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  1. ma.concerned.citizen

    Not really sure of the steps it would take, but if this lawsuit is successful, could it be used as leverage to prove that the registry is unconstitutional and a form of additional punishment? Just curious…

    • Jason

      It depends on the nature of the ruling.

      First, the ruling would have to be based upon the idea that the passport mark is punishment. (lawsuit makes multiple arguments, and it depends which argument(s) win) If for example, the argument that wins it for us is a violation of free speech, then no, we couldn’t use this ruling to help using the punishment argument.

      Further, if a district court decides in our favor, and the government does not appeal, then the decision would carry less weight than if it were decided at the appellate level. Of course, a Supreme Court ruling would carry even more weight.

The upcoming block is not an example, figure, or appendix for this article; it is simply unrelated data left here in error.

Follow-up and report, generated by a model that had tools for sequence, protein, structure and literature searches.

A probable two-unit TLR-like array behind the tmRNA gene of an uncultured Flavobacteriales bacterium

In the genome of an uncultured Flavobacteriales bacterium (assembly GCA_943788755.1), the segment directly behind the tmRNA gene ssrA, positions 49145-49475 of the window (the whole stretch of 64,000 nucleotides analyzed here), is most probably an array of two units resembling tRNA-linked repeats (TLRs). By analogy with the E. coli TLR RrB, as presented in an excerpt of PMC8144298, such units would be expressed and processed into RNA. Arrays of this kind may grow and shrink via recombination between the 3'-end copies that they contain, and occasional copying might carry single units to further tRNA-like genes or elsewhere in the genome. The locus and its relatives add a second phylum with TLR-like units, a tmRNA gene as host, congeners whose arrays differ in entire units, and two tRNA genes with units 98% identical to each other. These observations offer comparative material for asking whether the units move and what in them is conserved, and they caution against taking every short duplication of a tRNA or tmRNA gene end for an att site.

So to summarize, the best case scenario would be for this to get appealed up to the Supreme Court, and then to prevail on the Ex Post Facto argument.

      • Timmmy

        The term “ex post facto” need to be brought to the court again. Nowhere does tit say it is only for criminal offenses.

        • Timmr

          “An ex post facto law is a law passed after the occurrence of an event or action which retrospectively changes the legal consequences of the event or action.” I just copied that out of the ‘Lectric Law Library, but similar phrases occurred in the search results. The Constitution in two places says no ex post facto law, not no ex post facto punishment only. I would say that having an identifier required on your passport is a consequence, even if they can somehow say it is not a punishment.

        • Jason

          Under the letter of the law and philosophically, you guys are absolutely correct.

          But remember, this is a country that has a constitutional protection against cruel and usual punishment, and we execute mentally ill people, and send people to prison for decades for drugs.